Saturday, January 12, 2008

J.S. Rowntree on Gospel Ministry

I was reading a book about Lewis Benson recently, and in a chapter written by Joseph Pickvance, he mentioned two chapters from John Rowntree's works that Lewis had recommended to him These two chapters had to do with the work of gospel ministry in the Society of Friends. It was written around 1908 and contains some great insights about how things were then, as well as in George Fox's time.

One of the interesting things to me was that early in Friends' history, ministers would meet together each week and plan what meetings they would attend on the following First-day. This was to ensure that the work of the ministry was spread out amongst the various meetings.

One thing I often hear about is how, from the beginning, men & women had essentially an equal role in ministry, yet I find signs in Rowntree's writings that it wasn't quite as rosy as I had pictured. In looking at some of the schedules for what ministers would visit where, it is mostly men - Rowntree includes a replica of one such schedule that shows only one woman on the list. Another chart showing the decline of ministers (based on how many have died) does show that about 3/5 were men, which isn't that bad a ratio. One of the most disappointing items with respect to women that Rowntree presents came from the minutes of the Second Day Morning Meeting on 1st Month 10, 1700:

This meeting finding that it is a hurt to Truth for women Friends to take up too much time as some do in our public meetings, when several public and serviceable men Friends are present, and are by them prevented in their services. It's therefore advised that the women Friends should be tenderly cautioned against taking up so much time in our mixed public meetings. Benjamin Bealing to give a copy of this minute to Sarah Plumley and Margt. Munro, for them to communicate to other women Friends, and that it may be prevented for the future.

You can read Rowntree's works on Google Books, or if you just want the two chapters Lewis Benson mentioned, I have reformatted them with LaTEX and created a PDF, which is here. You are welcome to use the PDF in any way you like. If you want the LaTEX source, just ask.

Oh, don't be frightened by the first paragraph of the chapter on "Gospel Ministry In The Society", the rest of the chapter is not nearly that obtuse.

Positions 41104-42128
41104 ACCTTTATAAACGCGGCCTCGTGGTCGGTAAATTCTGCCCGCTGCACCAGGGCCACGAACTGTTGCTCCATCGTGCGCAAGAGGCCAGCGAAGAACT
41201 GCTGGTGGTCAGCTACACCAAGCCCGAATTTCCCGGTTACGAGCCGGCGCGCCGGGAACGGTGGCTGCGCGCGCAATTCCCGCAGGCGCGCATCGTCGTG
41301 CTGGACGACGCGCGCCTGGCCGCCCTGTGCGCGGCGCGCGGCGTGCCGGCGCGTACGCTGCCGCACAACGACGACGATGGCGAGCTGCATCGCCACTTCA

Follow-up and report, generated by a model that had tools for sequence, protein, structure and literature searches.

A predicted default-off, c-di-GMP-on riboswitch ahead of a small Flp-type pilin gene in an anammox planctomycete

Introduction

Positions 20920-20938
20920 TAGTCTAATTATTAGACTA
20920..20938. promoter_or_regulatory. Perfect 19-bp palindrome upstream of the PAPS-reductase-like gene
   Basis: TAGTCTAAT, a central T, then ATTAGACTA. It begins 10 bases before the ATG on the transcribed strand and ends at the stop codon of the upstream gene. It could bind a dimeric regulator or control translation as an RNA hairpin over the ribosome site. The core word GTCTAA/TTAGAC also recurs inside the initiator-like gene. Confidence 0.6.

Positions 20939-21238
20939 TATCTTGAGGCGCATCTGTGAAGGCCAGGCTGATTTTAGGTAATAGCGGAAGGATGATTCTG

1. Hey Mark--
    The old saw about how Fox set up separate men and women's business meetings to proptect the women from the overbearing men is frankly a fairly true comment on the Society at that time.

    We continue to record ministers in my Yearly Meeting, and recently someone asked me what percentage of our ministers were women versus what percentage were men.

    I didn't have any idea. I thought and thought, and finally realized that in my Yearly Meeting, anyway, gender has absolutely nothing to do with being appointed Elder, Overseer, or being recognized as a Minister. Most of our Ministers are currently women, I think. I still haven't bothered to look it up.

    I consider this progress, and an indicator that the Early Friends have been improved upon somewhat.

  2. Hi Kevin,
    I don't think I ever heard that "old saw". Since I spend a lot of time among liberal Friends, maybe that's something they don't talk about. The only recorded minister I have met from your YM is Nancy Hawkins, which was very pleasant. Out of curiosity, I checked the NCYM-C list of Ministers and Elders and I see that there are 4 women and 3 men recorded as ministers (not all were recorded by NCYM-C, though). Also, at the consultation I went to on Gospel Ministry last year, I think there were 3 men and 5 women in the panel of "resources", which were recorded ministers and others active in ministry. I think what is more important than the numbers is that from what I can tell, it doesn't look like there are still areas where men try to dominate, as with the Second-day meeting, or in expecting women to yield to men in ministry.

    It looks like you have a lot of good stuff on your blog, I look forward to delving into it!

    With love,